The Importance Of Fluidity In Sparring




If I were to sum up the most important elements of Wing Chun, in just one word, it would be, ‘Balance’.


Playing Chi Sau well can be like trying to spin plates, thinking of good positions, strong grounding, feeling for gaps and attacking opportunities, trying to keep relaxed, and so on and so for…  But.


Actually this is best achieved when we do not think of anything!


When we are learning something new then yes of course we focus on that thing, we focus, we study, we learn, we absorb, but once we have done this we should ultimately allow it simply flow, a little like you would (or would not) if you were driving a car.

You know to watch your speed, to feel for clutch control, look out for hazards, cover the brake, check your mirror etc. in fact the list is endless, BUT when you know what you’re meant to be doing, you no longer need to think about this but simply allow yourself to drive.


A quick check-list for Chi Sau improvement is to look at some area you feel really good with, either a favoured/particular side, or perhaps a particular technique, and then… get rid of it!


Why would you keep training something that you are already good at?


The way to improve, and have balance, is to work on the things you are NOT good at, not to simply avoid these areas because of trying to save face.

Who cares if you get hit while trying to train something you’re not so good at?!


This is about YOUR personal development, trying to always look good in class is the worst thing you can do, as it will force you to have a ceiling level of which you will never improve beyond.

This then becomes a catch-22 situation where the people you started with, seem to get better and better, but you do not?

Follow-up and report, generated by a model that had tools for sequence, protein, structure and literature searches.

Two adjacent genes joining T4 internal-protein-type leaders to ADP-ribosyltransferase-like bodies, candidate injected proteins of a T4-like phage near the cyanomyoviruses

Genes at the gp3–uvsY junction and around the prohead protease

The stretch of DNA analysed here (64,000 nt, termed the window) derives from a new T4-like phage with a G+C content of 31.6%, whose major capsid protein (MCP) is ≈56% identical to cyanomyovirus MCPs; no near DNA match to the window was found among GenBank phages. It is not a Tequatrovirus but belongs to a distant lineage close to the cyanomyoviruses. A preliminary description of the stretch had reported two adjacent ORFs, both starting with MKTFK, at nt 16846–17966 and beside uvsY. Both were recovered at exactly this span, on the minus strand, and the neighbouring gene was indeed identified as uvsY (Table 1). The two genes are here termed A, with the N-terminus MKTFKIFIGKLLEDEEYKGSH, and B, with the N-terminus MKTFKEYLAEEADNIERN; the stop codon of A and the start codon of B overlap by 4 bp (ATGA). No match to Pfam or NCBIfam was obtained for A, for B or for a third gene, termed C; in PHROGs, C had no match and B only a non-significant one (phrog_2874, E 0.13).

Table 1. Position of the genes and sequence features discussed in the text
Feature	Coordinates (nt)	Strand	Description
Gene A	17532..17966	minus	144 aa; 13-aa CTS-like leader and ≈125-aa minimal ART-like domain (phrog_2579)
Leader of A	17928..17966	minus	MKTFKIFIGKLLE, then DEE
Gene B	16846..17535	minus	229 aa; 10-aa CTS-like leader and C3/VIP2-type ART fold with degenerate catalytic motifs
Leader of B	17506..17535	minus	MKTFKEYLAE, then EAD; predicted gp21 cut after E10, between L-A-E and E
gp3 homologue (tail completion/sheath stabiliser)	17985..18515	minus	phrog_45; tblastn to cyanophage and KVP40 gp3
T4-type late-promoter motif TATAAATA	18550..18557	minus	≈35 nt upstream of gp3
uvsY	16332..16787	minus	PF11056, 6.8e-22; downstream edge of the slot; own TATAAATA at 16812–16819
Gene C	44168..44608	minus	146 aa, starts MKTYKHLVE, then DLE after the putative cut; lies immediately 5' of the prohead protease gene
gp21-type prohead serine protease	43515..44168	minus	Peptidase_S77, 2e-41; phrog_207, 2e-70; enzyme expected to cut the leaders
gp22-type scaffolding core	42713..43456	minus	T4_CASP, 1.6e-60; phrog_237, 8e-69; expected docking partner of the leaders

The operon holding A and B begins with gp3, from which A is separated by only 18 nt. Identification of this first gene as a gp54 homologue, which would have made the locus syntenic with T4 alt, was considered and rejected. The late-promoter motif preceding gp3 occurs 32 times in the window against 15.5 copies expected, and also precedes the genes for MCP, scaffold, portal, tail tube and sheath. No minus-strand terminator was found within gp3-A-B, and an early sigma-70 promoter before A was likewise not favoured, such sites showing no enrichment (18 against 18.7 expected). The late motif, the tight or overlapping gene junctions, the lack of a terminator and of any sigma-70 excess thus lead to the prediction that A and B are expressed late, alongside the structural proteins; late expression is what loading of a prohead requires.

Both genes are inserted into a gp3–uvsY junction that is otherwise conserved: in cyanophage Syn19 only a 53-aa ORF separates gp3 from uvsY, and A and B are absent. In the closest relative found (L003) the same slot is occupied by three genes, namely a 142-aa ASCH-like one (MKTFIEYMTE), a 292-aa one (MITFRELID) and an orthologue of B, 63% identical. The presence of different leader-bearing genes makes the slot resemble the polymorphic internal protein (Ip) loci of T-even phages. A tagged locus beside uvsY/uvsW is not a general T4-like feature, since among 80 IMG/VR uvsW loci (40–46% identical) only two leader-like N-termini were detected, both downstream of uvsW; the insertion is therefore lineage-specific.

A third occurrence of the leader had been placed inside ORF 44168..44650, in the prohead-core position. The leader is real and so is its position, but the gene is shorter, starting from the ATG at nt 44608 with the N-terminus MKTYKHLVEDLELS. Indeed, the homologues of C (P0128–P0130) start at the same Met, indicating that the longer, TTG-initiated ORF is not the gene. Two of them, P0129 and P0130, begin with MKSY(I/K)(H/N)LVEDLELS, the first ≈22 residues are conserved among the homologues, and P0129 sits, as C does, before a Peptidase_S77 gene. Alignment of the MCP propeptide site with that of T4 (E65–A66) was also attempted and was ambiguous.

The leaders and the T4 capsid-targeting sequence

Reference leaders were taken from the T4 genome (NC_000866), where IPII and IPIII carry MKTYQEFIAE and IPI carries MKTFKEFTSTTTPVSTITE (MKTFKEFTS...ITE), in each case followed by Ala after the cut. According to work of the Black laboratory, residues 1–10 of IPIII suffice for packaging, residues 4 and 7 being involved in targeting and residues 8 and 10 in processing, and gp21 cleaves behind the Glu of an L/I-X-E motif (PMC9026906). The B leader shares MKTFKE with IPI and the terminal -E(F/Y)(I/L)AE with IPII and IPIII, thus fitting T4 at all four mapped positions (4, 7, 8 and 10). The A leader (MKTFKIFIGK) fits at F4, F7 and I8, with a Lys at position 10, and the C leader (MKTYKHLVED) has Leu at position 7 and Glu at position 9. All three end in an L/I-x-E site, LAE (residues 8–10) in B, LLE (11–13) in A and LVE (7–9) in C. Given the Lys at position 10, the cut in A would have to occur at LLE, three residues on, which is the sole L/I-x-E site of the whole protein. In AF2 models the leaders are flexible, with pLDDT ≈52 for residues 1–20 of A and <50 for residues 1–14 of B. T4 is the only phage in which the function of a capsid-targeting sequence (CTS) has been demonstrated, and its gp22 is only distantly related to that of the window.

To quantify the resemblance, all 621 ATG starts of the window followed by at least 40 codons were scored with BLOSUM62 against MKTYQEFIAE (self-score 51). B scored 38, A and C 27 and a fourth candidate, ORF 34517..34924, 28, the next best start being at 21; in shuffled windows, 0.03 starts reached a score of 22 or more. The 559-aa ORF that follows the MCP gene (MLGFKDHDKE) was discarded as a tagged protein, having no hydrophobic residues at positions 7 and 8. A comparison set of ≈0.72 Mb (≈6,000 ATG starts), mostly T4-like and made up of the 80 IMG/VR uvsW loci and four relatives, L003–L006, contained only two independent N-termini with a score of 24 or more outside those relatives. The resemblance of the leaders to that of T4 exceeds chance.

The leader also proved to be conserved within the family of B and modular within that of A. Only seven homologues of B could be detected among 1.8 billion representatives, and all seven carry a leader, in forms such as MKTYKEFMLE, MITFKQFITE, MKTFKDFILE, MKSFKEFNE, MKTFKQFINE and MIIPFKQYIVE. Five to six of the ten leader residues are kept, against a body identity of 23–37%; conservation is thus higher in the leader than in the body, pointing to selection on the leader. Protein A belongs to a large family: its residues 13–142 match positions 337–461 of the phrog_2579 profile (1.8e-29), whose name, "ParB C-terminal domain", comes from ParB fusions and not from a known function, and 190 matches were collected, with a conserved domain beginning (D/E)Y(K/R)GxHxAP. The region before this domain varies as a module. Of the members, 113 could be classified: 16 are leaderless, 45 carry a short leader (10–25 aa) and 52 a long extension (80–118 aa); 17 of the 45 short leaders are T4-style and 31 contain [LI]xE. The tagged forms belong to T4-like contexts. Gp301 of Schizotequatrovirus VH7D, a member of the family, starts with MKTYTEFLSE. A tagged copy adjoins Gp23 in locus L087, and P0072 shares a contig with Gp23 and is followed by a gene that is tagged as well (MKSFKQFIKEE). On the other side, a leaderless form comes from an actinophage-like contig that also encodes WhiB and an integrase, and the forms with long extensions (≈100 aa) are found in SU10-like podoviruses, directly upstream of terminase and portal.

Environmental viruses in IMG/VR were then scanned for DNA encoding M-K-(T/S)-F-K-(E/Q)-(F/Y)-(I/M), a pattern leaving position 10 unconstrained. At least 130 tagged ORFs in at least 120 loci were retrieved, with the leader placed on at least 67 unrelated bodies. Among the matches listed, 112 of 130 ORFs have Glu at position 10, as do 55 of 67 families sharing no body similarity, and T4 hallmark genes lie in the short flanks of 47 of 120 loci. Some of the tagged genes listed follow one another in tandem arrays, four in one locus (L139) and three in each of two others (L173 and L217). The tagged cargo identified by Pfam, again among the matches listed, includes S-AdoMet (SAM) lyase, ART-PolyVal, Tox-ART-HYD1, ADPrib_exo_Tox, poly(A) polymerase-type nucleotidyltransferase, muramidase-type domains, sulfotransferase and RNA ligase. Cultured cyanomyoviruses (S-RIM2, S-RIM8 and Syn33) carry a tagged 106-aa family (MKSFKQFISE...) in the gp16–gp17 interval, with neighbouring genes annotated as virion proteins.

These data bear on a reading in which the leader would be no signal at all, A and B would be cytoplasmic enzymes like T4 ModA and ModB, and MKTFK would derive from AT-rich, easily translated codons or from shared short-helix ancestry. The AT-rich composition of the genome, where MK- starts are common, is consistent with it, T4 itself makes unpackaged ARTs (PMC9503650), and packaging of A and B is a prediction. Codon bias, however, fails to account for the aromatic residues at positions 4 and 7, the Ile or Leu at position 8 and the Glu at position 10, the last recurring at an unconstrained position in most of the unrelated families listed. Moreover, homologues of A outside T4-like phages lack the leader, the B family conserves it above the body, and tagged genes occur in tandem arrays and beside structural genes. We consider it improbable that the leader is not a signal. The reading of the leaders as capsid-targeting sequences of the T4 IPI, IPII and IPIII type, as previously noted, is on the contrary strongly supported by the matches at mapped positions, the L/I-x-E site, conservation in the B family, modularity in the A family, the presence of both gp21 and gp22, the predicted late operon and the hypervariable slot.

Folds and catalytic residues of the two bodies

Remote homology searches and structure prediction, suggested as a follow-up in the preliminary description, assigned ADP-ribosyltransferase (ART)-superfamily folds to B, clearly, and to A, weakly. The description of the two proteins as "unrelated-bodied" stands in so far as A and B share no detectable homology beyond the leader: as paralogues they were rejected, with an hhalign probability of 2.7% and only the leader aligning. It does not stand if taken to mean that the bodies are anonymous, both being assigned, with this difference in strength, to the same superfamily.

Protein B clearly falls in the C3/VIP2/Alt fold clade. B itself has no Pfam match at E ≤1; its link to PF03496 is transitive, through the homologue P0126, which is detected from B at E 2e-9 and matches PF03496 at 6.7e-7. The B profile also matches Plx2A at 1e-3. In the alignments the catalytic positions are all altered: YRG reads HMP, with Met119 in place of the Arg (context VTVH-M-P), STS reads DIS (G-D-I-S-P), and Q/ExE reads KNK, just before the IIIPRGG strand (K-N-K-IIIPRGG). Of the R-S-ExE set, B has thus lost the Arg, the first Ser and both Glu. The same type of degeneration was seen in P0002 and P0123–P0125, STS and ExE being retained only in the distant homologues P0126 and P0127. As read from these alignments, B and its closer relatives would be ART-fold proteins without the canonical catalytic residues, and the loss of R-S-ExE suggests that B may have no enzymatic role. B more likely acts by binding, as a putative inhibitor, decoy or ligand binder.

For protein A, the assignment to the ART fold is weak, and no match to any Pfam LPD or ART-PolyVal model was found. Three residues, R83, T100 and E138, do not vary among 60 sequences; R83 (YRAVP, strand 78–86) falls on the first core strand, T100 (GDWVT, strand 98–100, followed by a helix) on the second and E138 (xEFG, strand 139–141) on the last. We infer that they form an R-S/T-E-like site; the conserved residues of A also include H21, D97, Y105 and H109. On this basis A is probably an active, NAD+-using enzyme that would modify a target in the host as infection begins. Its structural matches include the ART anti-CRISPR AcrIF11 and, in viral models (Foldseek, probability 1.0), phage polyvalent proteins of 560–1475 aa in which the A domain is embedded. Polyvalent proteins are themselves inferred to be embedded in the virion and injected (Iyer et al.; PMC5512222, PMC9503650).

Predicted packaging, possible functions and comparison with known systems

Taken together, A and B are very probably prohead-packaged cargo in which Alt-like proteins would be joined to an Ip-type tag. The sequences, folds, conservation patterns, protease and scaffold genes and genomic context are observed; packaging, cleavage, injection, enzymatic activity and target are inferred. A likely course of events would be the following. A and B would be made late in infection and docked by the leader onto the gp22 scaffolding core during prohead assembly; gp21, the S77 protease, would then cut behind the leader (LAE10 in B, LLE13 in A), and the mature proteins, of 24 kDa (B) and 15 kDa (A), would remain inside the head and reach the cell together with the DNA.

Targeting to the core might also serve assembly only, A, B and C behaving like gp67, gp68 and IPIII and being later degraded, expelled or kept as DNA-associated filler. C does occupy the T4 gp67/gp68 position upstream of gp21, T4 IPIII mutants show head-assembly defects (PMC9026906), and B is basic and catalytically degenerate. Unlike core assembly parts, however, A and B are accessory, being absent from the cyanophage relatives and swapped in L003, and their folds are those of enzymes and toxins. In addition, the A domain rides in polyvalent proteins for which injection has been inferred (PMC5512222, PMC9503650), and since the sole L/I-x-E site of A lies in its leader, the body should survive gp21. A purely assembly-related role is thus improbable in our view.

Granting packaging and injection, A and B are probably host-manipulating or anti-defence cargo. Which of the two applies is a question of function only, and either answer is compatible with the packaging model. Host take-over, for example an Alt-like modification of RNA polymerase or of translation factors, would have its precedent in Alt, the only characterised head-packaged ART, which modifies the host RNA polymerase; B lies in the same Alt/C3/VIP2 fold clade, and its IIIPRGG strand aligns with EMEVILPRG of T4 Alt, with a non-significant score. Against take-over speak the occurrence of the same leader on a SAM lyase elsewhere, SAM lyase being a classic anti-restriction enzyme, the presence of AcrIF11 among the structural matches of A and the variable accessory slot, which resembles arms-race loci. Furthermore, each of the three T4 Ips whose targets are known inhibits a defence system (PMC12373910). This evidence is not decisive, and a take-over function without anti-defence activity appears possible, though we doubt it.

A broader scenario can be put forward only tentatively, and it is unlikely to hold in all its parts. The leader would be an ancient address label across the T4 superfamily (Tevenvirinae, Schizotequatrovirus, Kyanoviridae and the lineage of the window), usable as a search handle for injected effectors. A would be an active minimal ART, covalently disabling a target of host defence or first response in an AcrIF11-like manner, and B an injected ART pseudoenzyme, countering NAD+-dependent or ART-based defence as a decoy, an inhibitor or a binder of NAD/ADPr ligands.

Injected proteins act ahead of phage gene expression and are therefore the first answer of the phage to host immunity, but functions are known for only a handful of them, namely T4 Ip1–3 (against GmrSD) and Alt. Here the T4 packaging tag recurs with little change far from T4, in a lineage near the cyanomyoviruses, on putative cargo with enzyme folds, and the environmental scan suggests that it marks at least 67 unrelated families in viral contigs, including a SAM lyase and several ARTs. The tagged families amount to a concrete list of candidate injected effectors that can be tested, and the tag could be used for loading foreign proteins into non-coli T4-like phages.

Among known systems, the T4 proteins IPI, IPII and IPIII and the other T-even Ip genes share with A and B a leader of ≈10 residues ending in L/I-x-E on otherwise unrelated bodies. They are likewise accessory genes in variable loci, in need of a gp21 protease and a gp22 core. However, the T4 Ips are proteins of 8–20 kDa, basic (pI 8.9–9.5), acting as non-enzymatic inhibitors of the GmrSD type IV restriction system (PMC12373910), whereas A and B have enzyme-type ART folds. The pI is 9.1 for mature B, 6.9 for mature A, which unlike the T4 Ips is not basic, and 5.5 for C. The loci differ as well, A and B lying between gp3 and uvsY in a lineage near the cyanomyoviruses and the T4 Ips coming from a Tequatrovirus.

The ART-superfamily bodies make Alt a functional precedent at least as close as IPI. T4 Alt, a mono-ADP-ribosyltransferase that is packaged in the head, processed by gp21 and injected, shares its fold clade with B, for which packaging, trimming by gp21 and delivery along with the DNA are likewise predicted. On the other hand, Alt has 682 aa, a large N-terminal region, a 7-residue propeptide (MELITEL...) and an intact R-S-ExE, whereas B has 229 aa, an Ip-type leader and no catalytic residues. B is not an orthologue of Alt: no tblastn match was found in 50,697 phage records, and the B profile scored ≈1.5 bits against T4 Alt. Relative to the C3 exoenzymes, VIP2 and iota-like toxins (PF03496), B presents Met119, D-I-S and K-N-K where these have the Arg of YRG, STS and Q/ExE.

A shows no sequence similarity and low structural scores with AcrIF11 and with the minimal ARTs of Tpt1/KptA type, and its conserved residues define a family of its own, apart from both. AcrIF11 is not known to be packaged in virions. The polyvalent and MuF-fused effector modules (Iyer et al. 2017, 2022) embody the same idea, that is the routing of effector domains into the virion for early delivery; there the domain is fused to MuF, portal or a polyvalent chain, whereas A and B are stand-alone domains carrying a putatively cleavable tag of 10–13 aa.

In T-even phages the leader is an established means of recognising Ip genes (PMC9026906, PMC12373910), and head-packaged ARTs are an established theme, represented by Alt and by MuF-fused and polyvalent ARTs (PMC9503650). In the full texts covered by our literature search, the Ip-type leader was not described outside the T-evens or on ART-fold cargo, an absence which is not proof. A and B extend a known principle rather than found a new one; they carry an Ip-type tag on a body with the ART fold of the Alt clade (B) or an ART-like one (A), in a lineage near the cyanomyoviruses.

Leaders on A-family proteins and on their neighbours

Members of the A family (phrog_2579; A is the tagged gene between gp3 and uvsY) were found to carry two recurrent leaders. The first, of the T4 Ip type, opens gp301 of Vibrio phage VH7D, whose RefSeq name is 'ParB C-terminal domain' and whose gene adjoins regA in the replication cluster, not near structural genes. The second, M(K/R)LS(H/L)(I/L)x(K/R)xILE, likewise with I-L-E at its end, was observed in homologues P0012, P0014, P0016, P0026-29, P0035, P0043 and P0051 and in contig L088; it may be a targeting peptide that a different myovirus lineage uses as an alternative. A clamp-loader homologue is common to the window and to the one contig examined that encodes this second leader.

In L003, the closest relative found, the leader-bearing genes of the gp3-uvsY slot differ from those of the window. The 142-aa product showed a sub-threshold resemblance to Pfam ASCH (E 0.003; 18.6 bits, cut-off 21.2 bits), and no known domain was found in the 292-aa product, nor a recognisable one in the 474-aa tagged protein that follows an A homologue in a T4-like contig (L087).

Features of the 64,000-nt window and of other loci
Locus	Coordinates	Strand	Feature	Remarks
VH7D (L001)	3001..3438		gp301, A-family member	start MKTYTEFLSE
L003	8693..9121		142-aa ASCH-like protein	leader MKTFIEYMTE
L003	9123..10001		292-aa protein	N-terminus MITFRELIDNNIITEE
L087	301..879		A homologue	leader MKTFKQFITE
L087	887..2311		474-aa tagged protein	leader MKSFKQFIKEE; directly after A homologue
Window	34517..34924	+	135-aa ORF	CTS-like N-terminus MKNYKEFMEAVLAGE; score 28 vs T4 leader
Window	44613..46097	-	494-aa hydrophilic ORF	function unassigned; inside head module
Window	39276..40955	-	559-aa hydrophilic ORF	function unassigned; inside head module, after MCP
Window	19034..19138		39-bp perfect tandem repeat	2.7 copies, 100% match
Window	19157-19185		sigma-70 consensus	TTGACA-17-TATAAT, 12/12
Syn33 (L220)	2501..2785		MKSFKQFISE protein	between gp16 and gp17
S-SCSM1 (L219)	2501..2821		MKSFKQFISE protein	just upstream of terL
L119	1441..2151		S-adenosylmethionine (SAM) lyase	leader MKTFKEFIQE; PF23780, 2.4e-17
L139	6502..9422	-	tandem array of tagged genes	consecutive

Then the new guys join, they rapidly get to your standard and then they too begin to pass you too!




Because you are still doing the same techniques and refusing to take that one step back to revisit your basics.


Try to let everything grow TOGETHER, in harmony, do not let one side or one move rush ahead, and if it has already (as it will have done at some point with everyone who reads this), then do not worry, this is not so bad, as I say, it only means you have a really that side/technique, well done, now slow it down and train it one the other side just as well!


In this video I look at ‘The importance of fluidity in sparring’ and that of remembering the constant attacking mentality of your opponent when connecting sparring training with street defence.


This again is balance, making sure that we do not think only defence or only attacking, there is a constant conversation going on here, a conversation through movement, stay balanced and you will always have the best chance of coming out on top.


Thank you


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